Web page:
PETALING JAYA: The Malaysian Communications and Multimedia Commission (MCMC) is cooperating with the police and Netflix over the purported existence of syndicates selling usernames and passwords for hacked Netflix accounts at a fraction of the monthly subscription fee.
“MCMC has already engaged with Netflix on the matter and will provide necessary advice to Netflix and technical assistance to the police as and when required,” an MCMC spokesman told FMT.
This follows a check by the Malaysian Cyber Consumer Association (MCCA) which revealed that scores of Netflix accounts could have been exposed to hacking.
MCCA president Siraj Jalil said these illegal users likely bought the usernames and passwords through syndicates operating on social media.
Netflix previously told FMT it was investigating the claim.
Netflix, which made its debut in Malaysia in early 2016, is available under three plans ranging between RM33 and RM51 a month depending on video quality options and the number of devices.
“Illegal Netflix accounts” meanwhile are available under three plans – RM10, RM18 or RM30 – one seller told FMT. They are also known as “Netflix murah” on Facebook groups where they are advertised.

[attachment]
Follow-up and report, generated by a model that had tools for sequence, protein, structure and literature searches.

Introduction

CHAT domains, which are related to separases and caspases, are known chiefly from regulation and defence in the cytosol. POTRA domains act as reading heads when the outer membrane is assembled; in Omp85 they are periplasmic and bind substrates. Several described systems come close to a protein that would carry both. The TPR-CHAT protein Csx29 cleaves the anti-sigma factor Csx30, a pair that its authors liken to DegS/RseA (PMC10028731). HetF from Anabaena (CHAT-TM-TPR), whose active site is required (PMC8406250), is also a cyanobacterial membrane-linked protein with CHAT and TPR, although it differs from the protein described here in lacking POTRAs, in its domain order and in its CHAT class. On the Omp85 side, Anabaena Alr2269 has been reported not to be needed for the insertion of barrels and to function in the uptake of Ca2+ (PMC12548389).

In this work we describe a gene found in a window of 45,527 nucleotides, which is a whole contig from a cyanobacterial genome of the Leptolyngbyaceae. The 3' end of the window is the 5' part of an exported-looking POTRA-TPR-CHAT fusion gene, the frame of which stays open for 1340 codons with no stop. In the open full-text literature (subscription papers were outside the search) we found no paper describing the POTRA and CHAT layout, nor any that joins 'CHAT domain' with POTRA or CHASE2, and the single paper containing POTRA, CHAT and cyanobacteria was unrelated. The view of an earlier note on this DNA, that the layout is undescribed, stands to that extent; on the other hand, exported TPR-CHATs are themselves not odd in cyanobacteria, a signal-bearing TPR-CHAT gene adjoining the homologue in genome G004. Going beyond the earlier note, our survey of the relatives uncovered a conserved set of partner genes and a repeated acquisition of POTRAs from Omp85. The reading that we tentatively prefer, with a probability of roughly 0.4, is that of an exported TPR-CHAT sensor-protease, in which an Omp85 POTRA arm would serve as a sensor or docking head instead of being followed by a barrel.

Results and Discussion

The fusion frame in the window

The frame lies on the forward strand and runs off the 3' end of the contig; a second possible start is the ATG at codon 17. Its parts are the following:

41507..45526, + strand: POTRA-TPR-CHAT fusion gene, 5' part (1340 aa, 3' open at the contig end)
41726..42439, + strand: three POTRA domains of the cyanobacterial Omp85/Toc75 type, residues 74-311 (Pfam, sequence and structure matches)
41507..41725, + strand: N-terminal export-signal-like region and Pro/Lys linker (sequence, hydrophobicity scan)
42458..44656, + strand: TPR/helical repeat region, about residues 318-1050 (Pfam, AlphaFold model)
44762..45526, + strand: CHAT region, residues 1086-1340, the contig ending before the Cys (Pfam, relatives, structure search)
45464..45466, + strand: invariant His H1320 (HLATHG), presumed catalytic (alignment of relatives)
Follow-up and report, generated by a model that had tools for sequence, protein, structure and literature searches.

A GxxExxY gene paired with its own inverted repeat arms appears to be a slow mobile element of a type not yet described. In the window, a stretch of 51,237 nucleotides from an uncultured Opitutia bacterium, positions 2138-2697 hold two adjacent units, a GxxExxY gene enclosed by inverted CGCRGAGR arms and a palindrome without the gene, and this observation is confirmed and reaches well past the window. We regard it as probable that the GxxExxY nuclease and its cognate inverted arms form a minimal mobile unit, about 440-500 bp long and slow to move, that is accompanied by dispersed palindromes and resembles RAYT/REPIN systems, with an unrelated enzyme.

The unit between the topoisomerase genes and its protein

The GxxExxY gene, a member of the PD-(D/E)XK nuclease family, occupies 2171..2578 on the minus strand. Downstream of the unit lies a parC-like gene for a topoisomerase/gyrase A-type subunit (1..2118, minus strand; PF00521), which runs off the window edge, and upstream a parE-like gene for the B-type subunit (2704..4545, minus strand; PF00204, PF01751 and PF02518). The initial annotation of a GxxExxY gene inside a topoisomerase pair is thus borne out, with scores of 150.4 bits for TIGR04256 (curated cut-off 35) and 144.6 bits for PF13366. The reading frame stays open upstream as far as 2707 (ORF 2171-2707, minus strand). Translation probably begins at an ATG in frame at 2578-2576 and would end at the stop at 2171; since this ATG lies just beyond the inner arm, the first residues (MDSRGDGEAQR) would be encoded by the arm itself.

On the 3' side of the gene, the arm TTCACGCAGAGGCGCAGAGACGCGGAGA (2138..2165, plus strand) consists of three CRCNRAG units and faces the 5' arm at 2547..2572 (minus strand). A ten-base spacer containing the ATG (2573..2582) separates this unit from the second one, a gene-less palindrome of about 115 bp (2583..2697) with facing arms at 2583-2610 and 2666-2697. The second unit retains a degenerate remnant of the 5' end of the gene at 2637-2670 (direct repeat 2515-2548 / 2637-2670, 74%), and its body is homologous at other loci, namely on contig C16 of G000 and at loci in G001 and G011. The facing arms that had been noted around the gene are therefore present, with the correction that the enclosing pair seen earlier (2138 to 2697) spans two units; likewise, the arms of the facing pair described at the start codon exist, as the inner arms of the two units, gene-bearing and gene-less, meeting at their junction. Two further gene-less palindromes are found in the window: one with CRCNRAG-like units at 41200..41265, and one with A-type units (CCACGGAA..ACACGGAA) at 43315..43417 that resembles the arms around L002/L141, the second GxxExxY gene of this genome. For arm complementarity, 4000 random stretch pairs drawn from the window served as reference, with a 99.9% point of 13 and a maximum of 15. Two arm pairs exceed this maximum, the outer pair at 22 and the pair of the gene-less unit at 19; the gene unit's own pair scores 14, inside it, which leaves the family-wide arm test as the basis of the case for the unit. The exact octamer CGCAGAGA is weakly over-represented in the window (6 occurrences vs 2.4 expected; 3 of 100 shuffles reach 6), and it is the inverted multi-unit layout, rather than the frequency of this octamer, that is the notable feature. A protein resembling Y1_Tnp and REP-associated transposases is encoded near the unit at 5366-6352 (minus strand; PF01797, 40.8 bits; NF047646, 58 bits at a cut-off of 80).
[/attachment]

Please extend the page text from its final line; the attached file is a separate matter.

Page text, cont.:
None of the options requires a contract or credit card, neither can the accounts be auto-renewed on a monthly basis.
Additional fees are required to ensure continuous “subscription”, even if the password for the account being hacked is changed. Should this happen, a new login will be provided.
The MCMC spokesman urged users suspicious of someone using their accounts without permission to check for signs of unauthorised activity such as recent viewing activity or device streaming activity.
Alternatively, users can contact Netflix through the Netflix app or from any phone and via live chat as well as access the multiple help pages on Netflix’s website, it said.
“The public are also advised to exercise vigilance and avoid buying products or services that are suspected to be linked with any suspicious activities,” the spokesman added.